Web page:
As we noted in our Advent candle lighting we are invited during Advent to greet this light and to reflect upon its meaning for our lives. What does it mean to greet the light of Christ? The passage in Isaiah is one that the writer of Luke portrayed as Jesus mission statement at his first sermon in Nazareth. Luke doesn’t quote the Isaiah passage exactly and adds a bit of his own ideas as well. He took the ideas from Isaiah that met the needs of his time. I want to do the same. I wonder what do these ancient words of Isaiah 61, spoken originally to people hoping to return from exile and used by the gospel writers to explain Jesus mission as light for the world. What do they say to us today as we seek to live faithfully and greet the light of Christ in the midst of a pandemic?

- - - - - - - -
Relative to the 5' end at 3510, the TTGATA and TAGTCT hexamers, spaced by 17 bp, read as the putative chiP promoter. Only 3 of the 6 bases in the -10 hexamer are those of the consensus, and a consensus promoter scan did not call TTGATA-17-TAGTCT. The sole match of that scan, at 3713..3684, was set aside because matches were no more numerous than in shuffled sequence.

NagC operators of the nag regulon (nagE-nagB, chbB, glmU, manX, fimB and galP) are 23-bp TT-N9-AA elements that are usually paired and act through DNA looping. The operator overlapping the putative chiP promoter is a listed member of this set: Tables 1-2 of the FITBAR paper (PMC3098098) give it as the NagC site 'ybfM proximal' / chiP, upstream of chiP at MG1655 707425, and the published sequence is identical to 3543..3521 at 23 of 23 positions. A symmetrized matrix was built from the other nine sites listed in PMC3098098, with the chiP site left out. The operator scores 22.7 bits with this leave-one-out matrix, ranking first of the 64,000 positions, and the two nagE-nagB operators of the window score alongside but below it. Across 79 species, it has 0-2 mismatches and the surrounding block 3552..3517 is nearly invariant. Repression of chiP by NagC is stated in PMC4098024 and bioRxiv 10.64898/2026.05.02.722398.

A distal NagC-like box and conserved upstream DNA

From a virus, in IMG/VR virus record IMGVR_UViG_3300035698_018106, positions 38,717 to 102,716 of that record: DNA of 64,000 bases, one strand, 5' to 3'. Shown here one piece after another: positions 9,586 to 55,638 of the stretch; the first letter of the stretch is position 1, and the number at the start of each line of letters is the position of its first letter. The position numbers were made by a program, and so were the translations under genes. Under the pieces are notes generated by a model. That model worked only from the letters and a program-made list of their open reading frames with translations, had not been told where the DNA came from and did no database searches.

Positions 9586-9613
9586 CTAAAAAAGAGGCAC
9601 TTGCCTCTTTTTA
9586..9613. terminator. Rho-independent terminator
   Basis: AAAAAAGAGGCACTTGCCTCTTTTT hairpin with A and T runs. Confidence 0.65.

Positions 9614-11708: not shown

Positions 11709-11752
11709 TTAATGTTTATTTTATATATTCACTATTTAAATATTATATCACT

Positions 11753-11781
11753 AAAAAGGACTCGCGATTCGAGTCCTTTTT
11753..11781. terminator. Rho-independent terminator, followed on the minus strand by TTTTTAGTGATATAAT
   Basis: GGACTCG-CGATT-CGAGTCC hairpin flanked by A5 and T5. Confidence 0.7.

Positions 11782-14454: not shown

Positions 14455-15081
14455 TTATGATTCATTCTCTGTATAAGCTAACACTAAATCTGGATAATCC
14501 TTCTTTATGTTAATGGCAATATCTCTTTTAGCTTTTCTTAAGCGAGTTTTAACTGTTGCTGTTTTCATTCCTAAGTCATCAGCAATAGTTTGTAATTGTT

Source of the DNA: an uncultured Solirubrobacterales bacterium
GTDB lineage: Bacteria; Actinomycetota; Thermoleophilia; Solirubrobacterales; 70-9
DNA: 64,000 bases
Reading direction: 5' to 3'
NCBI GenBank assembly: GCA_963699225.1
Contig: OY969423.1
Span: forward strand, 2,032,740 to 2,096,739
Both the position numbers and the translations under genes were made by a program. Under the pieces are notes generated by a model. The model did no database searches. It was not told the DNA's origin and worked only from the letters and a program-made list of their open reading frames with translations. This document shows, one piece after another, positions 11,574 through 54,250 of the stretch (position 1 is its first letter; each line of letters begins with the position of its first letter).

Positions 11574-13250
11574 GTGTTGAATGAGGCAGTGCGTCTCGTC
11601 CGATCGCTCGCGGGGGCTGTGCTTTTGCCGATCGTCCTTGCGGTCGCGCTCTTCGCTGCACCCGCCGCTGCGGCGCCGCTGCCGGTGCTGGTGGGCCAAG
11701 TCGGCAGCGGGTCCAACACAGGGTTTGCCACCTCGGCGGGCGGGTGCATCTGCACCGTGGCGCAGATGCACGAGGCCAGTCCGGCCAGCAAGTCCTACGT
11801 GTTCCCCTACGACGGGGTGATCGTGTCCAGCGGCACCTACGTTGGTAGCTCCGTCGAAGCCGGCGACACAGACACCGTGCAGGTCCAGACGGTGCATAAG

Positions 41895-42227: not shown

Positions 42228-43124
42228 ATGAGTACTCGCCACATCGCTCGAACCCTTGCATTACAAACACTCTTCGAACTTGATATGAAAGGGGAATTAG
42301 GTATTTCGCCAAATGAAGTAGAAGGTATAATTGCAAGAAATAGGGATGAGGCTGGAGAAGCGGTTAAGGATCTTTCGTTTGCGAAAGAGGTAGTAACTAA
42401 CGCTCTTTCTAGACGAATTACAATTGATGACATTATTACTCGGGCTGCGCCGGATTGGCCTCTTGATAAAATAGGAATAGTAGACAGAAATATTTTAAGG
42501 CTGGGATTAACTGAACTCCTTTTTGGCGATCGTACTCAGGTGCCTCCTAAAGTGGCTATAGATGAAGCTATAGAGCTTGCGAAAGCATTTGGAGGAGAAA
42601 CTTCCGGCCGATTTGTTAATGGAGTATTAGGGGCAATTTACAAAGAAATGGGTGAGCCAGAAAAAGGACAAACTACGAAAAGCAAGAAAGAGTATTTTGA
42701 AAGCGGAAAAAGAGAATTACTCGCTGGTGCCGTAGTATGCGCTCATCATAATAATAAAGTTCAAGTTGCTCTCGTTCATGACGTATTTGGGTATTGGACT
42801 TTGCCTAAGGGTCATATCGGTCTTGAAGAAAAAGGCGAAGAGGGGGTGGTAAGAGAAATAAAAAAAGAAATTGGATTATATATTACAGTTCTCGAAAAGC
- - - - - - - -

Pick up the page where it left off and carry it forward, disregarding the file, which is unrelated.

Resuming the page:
First we can greet the light by admitting your shadows- recognize our mourning and brokenness. For me, at this time the emphasis in Isaiah on mourning seems appropriate. We are all in mourning over the losses of this time of pandemic: loss of life- over 200,000 people in less than a year, loss of revenue and livelihood, loss of hugs and close contact, loss of in person worship, loss of in person singing and choir, loss of ways to build community and connection with the poor we serve, loss of being able to help in person. I think that we need to honestly express our grief: to lament, to shed tears if we need to, to cry out if we need to, to get angry if we need to.
We cannot greet the light of God unless we recognize our need for it. This is a time to be tenderhearted toward one another. Kerri N. Allen, a pastor who works as a manager for spiritual care for a healthcare system writes about the importance of our witness of lament.